In the early 1990’s, liquid fuel importation was in the hands of the private sector. Oil imports were facilitated on behalf of the Oil Marketing Companies (OMCs) through an Industry Petroleum Supply Unit (IPSU).
The floatation of the Malawi Kwacha in 1994 resulted in heavy exchange losses for the oil industry and consequently, IPSU handed over fuel importation to Government, which directed that Petroleum Control Commission (PCC), established by an Act of Parliament, should combine both regulation and importation of liquid fuel into the country.
In 1999, PCC stopped importation of fuel because of concerns raised by multilateral partners on governance issues such as combining the role of a regulator and importer of fuel for the country. The role of importation reverted to the private sector through Petroleum Importers Limited (PIL), a consortium of oil marketing companies.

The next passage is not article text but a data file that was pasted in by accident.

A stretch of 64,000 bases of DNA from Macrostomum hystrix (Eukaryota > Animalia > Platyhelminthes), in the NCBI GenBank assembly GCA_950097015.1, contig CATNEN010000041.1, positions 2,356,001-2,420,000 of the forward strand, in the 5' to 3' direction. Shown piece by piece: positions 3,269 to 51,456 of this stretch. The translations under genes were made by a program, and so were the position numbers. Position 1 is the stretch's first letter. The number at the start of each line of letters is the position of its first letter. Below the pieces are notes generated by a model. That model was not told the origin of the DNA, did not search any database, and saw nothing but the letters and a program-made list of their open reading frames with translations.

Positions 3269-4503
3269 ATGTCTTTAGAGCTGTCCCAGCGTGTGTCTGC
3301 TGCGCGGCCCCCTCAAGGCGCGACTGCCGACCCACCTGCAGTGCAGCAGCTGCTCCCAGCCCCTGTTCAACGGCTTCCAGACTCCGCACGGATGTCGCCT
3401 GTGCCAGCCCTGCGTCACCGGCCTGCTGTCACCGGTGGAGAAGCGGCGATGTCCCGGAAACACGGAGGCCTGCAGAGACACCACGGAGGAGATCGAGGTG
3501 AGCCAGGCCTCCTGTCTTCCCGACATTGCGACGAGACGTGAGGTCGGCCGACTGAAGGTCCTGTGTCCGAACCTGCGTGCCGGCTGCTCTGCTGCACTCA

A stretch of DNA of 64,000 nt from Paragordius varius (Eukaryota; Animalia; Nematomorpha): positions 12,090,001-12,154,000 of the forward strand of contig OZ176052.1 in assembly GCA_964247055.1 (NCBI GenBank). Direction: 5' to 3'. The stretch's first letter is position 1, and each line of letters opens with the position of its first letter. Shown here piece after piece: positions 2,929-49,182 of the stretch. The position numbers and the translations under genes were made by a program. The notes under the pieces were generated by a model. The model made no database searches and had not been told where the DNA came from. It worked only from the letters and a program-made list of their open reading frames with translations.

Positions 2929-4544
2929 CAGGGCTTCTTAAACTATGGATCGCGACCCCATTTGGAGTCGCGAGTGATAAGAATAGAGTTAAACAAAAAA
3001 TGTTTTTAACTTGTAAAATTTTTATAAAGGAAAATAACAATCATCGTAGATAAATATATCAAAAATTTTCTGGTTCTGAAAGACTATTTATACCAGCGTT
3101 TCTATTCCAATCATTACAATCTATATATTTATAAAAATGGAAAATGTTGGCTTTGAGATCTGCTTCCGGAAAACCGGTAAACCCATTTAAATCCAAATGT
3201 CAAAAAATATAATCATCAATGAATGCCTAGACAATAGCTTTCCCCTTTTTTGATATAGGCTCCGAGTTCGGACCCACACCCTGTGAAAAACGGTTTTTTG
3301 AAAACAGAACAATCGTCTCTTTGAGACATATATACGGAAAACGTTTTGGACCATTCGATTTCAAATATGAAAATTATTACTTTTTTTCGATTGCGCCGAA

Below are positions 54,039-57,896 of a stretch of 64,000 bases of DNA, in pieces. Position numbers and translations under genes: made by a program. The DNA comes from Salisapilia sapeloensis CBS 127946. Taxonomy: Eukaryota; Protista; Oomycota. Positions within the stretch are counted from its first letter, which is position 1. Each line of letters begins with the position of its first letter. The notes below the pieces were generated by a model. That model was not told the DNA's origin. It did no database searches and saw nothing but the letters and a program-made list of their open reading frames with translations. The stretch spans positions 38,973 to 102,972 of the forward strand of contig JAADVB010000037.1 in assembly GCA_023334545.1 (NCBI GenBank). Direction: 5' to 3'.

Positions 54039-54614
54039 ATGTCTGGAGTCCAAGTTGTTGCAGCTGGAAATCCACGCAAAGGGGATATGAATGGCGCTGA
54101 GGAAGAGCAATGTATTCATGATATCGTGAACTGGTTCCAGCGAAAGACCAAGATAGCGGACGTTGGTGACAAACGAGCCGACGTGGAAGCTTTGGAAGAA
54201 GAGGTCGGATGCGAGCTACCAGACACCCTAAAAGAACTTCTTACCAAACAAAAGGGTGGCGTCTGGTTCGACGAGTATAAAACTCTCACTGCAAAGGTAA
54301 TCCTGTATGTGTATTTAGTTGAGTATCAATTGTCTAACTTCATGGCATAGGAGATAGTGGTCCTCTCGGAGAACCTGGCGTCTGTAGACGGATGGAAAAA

However, the oil companies do not have adequate storage capacity and do not seem to have the incentive to invest significantly in this area. The arrangement does not therefore provide for strategic fuel reserves to last for a reasonably longer period, leaving the country very vulnerable to supply chain shocks.
In 2003, the Government of Malawi, with financial support from the World Bank and United Nations Development Programme (UNDP), developed the National Energy Policy for Malawi. The Energy Policy identified various challenges faced by the oil industry in Malawi. These included unreliability of supplies, lack of competition in the oil industry and absence of proper institutional arrangements to champion upstream activities in oil and gas for the country. The policy therefore recommended the establishment of a national oil company through an Act of Parliament.